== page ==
Being a MasterChef takes hard work and maybe even losing a finger or two. Every chef has harrowing tales of losing a bit of forefinger or pinkie at least once. I would not know. But I believe I could have been a superb chef. As do many other men and women. As the saying goes, believing is half the, er, achievement? Are you a believer? Here's how you can believe more authentically.
It's all about the camera angles
MasterChefs are all around you. Click open your Same-Face-AlbumBook and Insta-gratification social media apps. Look up #iCook and #OMG-made-lunch to see the best and worst of how to appear like a MasterChef. Camera angles are important. The show has cameras zooming in from the right, left, from under a frying pan and down from the sky. They stitch it together brilliantly for that seamless, one-take look.
You sadly only have a cellphone. Real cooking experts rarely have pictures of themselves. If they do, someone else has shot the photo and they appear harried and often sweaty. 'Believers' like me always appear pretty and composed. We know our best angles and we know we have used the right kind of skin toner beforehand.
Know your words
“Woodsy with a whisper of coriander.”
Normal people do not talk like that. They say, ''Hmm, gobble mmmhfrggle, you know grrbemmphfrggle”. That's how I used to talk with my mouth full of food before I became a MasterChef. But now, I know precisely how to say, 'Subtle micro explosions of a pinch of crushed cardamom seeds.'
Before, all I could manage was, “Amagad, who the heck put that horrifying elachi in my polao? Ow my taste buds. Ow holy mother of Chewbacca. Aaaargh!”
Don't be uncouth. Use confusing words because we painstakingly invented so many of them. And do not forget to use all the hashtags. They are free.
Understand your salt, bae
As the fairy tale went, a king asked his three daughters who loved him best and how. One said she loved him like honey. Another said she loved him like sugar. The third said she loved him like salt. “How dare she,” the other two sisters fumed. “Salt is a terrible expression of love.”
Immediately, the third was banished from the kingdom.
This terrible father figure was then fed dishes made with honey and sugar by the elder daughters. He couldn't take it until years later his third daughter turned up again incognito. Also she was older and used makeup so no one recognised her. She cooked him a dish with salt, but not so much that it would kill him because the property was still under his name.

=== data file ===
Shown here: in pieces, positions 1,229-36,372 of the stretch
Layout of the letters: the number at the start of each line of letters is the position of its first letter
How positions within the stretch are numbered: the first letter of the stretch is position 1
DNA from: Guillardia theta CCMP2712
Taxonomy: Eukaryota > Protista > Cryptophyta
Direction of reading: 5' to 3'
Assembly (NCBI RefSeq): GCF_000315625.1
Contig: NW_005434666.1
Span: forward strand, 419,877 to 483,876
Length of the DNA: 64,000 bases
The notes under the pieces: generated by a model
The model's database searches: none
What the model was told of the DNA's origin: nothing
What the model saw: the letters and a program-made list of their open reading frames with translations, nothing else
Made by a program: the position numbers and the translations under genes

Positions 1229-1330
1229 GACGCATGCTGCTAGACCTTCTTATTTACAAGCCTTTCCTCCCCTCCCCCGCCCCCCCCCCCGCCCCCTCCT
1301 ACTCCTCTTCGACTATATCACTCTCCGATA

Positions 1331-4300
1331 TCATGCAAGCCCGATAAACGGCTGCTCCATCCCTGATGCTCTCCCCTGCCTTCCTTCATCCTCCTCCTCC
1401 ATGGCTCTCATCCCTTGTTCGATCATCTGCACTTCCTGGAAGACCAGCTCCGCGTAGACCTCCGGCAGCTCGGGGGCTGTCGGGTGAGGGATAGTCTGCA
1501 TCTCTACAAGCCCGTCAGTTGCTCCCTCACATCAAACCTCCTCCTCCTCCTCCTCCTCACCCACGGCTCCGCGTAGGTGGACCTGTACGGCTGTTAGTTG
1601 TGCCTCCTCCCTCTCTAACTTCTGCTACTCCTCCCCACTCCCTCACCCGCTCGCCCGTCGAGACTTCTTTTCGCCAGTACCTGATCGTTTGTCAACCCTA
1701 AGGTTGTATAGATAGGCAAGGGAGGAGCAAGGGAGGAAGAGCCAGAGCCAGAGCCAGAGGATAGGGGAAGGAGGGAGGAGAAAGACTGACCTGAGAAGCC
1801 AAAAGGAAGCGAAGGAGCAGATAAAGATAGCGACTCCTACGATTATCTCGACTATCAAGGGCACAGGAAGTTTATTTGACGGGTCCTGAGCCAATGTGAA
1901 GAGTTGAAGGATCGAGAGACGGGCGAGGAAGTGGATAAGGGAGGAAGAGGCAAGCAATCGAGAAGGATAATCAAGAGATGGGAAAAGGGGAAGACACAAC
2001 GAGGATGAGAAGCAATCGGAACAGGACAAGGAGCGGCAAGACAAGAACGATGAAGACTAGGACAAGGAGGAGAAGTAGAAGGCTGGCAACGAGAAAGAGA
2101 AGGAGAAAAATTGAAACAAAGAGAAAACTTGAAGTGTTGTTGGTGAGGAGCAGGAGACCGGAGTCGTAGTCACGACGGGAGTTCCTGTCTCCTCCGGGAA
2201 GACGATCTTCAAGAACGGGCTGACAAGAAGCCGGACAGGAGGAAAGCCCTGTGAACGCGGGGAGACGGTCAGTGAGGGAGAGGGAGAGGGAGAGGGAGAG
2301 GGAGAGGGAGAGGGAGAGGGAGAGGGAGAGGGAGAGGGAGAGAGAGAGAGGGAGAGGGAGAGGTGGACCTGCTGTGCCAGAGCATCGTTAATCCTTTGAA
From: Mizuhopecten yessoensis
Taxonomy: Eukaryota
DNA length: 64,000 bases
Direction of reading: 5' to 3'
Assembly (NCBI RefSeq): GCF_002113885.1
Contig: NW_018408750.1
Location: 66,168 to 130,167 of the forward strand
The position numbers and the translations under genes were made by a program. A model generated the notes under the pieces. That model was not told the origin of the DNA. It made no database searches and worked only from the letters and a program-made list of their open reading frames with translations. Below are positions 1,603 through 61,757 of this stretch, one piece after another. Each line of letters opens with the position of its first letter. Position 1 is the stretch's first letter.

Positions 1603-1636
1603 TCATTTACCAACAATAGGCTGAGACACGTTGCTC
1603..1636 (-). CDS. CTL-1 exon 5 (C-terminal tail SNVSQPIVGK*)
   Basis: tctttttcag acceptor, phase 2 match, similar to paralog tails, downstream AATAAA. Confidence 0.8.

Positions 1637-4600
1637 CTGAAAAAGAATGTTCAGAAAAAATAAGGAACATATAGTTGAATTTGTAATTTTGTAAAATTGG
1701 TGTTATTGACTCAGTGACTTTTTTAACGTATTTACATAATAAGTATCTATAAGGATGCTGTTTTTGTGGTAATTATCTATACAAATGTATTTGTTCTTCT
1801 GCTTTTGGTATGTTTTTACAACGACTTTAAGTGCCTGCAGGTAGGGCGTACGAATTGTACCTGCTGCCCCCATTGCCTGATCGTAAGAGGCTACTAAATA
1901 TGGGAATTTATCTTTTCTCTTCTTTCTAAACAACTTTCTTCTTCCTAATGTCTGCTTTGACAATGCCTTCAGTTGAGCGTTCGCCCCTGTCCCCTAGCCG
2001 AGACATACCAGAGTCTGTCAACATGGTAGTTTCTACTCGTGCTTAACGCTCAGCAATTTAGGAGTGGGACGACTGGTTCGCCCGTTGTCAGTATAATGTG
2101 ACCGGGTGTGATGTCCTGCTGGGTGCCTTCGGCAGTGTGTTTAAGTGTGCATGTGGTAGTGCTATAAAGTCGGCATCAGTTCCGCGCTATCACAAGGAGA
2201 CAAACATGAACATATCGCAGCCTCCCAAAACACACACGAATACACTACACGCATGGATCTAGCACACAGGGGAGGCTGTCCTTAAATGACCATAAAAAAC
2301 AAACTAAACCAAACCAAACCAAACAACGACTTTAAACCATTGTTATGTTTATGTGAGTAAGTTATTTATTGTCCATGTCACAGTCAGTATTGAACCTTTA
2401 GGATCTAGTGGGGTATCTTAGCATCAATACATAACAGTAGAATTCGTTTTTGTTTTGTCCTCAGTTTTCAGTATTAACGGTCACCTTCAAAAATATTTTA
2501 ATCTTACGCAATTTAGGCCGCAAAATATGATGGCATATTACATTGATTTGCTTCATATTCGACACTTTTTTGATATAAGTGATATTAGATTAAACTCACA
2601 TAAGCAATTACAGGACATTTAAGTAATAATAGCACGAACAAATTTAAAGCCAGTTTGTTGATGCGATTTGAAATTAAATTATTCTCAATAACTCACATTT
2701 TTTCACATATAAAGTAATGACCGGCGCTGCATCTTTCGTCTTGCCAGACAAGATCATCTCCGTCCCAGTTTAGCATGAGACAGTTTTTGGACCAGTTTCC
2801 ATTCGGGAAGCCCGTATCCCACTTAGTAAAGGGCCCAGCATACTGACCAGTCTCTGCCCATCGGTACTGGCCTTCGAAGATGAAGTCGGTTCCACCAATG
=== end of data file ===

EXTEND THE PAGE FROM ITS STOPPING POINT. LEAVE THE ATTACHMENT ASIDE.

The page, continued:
He realised his folly and wondered why he had not died from diabetes yet. The king started a new campaign: “Let salt make food great again.” Everyone lived happily ever after.
Nothing can make or break a dish the way salt can. I am blessed with this particular talent. It alone qualifies me to hold the MasterChef title. I always know just how much salt to throw. Here's a secret: it's just a pinch. To add some flair, practise like Salt Bae, the cook that forever changed how we sprinkle the taste enhancing mineral.
Cooking is the smallest part of the show
Just like the real MasterChef franchise, it is all about the preparation. Have you adjusted the light properly? Have you laid the utensils in a way that they complement each other? Is that stain on the wall going to be visible where yesterday's poached egg had exploded? Because the social media photo is about that. Have you carefully removed all traces of the takeout boxes as you scoop out the khichuri from the oddly clean pot?
Know at least one trick
Make your acting believable by having at least one culinary success in life. Boiling water does not count. In fact, some pepole have been known to do the impossible, they have burned water. And that is not a skill to be proud of.
It only goes so far
In the end, all that bluster is not going to cut it forever. My seven year old son scathingly reminds me that I'm no MasterChef. He believed it when he was four. He can make a cake, but can I?
Our social media is full of cooks. You can easily spot the fakes from the pros. The real cooks have frequency. They make and make and often, the pictures are taken by someone else, blurry and not so colour coordinated. Because they simply do not have time to pose in case the caramel starts to burn.
For the rest of us, we shall make do with a chest full of hot air.
Ehsanur Raza Ronny is a confused dad, all-round car guy, model car builder, and cartoonist. He is also Editor of Shift (automobiles), Bytes (technology), and Next Step (career) of The Daily Star.